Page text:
The 31-year-old is coming off a 2017 season when he recorded 58 receptions for 618 yards and eight touchdowns. In 2016 he posted 89 receptions for 1,003 yards and eight touchdowns.

Since 2015, the Texas Tech product has scored 25 receiving touchdowns, the fifth-most in the NFL. Crabtree and Steelers WR Antonio Brown are the only NFL players to post at least eight touchdown catches in each of the past three seasons.


In all, Crabtree has played nine NFL seasons – six of them with San Francisco (2009-14) and three with Oakland (2015-17). The former first-round draft pick (10th overall, Texas Tech) has registered 579 receptions for 6,870 yards (11.9 avg.) and 51 touchdowns in 125 career games (122 starts).

“Michael has played very well against the Ravens, so we know firsthand the attributes he brings to the game,” Newsome said in a team statement. “He is a smart, tough, physical receiver who battles for the ball. We like his temperament and believe he is a good fit for our football team, on and off the field.”

Since he entered the NFL in 2009, Crabtree’s 51 receiving scores rank 10th among active wide receivers, while his receptions (579) are seventh, and his receiving yards (6,870) are 12th.

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Ryan Grant's health issue and why the Ravens couldn't control voiding his contract

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Ryan Grant's health issue and why the Ravens couldn't control voiding his contract

The most obvious move in the NFL this offseason was the Ravens signing a new wide receiver (or three). It was less obvious why the team decided to commit so much money to former Redskins receiver Ryan Grant.

Grant has long been beloved by his coaches and teammates, but the results have never been there on game day. He has some potential to improve if given a larger role in a team's offense, which he likely would have had in Baltimore, but it never made much sense to offer him a 4-year contract worth nearly 30 million, with $14.5 million guaranteed.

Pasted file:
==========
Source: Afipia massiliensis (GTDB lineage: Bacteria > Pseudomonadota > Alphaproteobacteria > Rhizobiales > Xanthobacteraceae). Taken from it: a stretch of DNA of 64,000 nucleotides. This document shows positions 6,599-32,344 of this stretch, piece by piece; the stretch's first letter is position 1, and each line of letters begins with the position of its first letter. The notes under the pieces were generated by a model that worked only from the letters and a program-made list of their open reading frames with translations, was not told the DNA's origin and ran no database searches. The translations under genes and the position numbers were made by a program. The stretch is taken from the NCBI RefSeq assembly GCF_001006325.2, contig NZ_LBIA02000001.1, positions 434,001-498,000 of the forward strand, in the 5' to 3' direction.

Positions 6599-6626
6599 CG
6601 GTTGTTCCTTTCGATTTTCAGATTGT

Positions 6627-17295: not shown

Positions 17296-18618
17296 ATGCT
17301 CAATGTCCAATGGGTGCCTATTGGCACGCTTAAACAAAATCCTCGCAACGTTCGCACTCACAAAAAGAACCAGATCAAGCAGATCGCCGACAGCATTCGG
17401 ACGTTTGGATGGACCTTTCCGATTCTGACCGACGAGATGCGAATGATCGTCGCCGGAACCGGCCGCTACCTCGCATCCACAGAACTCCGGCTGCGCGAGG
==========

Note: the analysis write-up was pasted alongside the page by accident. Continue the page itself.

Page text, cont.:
Thankfully for fans who were uninspired by the reported agreement, Grant was unable to pass his physical and will not be joining the team.


At a press conference Friday morning, GM Ozzie Newsome called the void a "medical decision" that Newsome had no control over. 

NFL insider Ian Rapoport reported that Grant is recovering from a Grade 2 sprained ankle that would need two months rest.

You have to feel for Grant, who by all accounts has worked his tail off for many years just waiting for his chance. It's never easy missing out on nearly $15 million dollars guaranteed, but Grant should be able to find work with another team.

The timing of this news, coming so soon after former Raider Michael Crabtree became available, seemed fishy to some.

At Friday's press conference, Newsome also said the team would have still pursued Crabtree if they signed Grant. 

It's probably not fair to suggest that an NFL franchise would actually so publicly back out of a deal just because another option came along, as any team with that reputation would struggle to attract future free agents. That said, it could end up working out splendidly for the team.

Besides, if all else is equal, shouldn't a team located in Baltimore be going after a guy named CRABtree?